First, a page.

• “Overall enrollment and offer rates decreased from 2020 to 2021. These decreases are due to an increase in employment among small employers, and a corresponding decrease in the proportion of employees in medium and large firms, which have higher rates for both measures.
  • “In 2021, overall eligibility and take-up rates were not significantly different from 2020 levels.”

From the Rx coverage front, HealthDay tells us

Cholesterol-lowering statins are proven lifesavers, but they’ve also gained a reputation for causing muscle aches and pains in a good number of patients.

That reputation is undeserved, according to a new large-scale analysis of data from nearly two dozen clinical trials of statins.

There’s a less than 10% chance that muscle symptoms reported by patients are caused by the statin they are taking, researchers report.

“Our analysis showed that over 90% of muscle symptoms were not attributable to the statin, and those cases that were due to statins occurred mainly within the first year of treatment,” said joint lead researcher Colin Baigent, director of the Medical Research Council Population Health Research Unit at the University of Oxford, in England.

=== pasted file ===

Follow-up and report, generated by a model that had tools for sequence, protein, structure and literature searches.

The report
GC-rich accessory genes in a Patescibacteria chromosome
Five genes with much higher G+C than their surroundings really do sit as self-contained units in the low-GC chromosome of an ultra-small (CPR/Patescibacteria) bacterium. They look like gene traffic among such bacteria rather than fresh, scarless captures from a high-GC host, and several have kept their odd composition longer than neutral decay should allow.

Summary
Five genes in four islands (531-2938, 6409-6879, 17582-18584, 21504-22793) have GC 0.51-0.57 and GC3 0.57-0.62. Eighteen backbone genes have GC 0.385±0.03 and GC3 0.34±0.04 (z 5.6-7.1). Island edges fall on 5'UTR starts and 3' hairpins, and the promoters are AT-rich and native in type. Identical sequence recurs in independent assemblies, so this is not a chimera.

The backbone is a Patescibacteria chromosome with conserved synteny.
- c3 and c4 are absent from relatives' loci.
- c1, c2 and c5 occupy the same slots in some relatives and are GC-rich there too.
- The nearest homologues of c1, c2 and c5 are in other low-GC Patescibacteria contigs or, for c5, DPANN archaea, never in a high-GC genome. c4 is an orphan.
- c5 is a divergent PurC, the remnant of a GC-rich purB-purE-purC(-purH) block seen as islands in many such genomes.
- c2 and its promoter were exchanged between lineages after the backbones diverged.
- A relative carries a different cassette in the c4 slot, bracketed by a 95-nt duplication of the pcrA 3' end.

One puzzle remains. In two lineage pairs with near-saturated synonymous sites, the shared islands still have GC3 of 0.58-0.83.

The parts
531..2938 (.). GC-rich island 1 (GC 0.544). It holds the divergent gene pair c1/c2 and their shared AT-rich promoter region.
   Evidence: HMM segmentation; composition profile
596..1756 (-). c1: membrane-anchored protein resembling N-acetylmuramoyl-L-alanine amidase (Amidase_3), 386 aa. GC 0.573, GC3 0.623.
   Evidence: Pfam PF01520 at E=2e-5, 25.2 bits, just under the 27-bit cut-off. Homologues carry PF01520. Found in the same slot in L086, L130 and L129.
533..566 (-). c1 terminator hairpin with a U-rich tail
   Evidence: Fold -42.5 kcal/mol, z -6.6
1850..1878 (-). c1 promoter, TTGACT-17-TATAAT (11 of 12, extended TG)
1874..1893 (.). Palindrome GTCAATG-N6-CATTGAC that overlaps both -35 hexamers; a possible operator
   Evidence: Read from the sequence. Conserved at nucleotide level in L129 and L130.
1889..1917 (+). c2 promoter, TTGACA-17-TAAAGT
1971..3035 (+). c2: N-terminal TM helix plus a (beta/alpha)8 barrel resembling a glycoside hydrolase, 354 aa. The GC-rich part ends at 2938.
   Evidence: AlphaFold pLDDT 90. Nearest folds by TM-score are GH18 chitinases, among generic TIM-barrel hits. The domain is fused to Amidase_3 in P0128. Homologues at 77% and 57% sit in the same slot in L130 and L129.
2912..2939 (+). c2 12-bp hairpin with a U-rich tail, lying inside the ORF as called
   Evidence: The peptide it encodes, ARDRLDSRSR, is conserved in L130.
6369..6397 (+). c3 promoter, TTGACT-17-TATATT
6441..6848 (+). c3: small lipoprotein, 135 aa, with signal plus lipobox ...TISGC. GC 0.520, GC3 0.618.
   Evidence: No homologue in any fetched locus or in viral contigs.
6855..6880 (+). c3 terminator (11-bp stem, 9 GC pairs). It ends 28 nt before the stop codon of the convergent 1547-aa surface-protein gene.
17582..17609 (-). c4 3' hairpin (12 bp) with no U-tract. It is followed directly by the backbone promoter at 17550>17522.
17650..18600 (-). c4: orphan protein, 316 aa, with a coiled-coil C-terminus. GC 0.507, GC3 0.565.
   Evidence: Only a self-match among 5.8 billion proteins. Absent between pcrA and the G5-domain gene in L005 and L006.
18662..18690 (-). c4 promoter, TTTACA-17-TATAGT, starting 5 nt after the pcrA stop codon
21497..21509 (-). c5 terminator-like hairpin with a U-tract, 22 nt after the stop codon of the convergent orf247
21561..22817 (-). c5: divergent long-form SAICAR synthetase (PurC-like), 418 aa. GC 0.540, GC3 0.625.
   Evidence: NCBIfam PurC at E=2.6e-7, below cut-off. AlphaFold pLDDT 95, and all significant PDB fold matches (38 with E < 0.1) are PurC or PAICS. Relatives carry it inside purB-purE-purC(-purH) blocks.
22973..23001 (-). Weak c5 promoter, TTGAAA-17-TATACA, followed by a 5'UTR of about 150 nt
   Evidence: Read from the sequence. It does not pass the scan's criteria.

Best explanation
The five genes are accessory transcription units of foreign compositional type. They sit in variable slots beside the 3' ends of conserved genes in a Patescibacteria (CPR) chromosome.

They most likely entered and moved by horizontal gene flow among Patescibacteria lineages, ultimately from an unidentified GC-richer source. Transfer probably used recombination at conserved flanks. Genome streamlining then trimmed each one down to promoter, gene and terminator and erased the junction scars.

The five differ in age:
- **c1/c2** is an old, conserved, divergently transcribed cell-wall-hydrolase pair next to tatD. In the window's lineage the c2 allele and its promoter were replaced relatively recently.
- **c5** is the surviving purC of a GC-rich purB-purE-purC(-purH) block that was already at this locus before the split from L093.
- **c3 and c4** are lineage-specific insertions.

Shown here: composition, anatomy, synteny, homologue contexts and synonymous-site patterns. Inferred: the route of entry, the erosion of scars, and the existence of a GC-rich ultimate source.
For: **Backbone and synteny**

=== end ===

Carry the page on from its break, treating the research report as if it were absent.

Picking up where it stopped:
Statins have simply gotten a bad rap when it comes to muscle side effects, Baigent said.

In government contract reporting news, the Society for Human Resource Management reports

The Office of Federal Contract Compliance Programs (OFCCP) has issued a revised directive on compensation compliance, addressing concerns federal contractors had about a previous directive issued earlier this year. Some contractors were concerned that the prior version of the directive intruded upon communications protected by attorney-client privilege.

On the same day the revised directive was issued, OFCCP Director Jenny Yang wrote in a blog post that a top priority for the OFCCP is combating agency pay discrimination.

“Contractors therefore should review the directive and ensure they are engaging in compensation analyses as required by the regulations and be prepared to respond to questions regarding those analyses that are detailed in the directive,” said Guy Brenner, an attorney with Proskauer in Washington, D.C.

“Federal regulations require contractors periodically—or OFCCP interprets now as annually—[to] review their compensation systems to determine whether there are gender, race or ethnicity-based disparities in compensation,” said Sheila Willis, an attorney with Fisher Phillips in Columbia, S.C.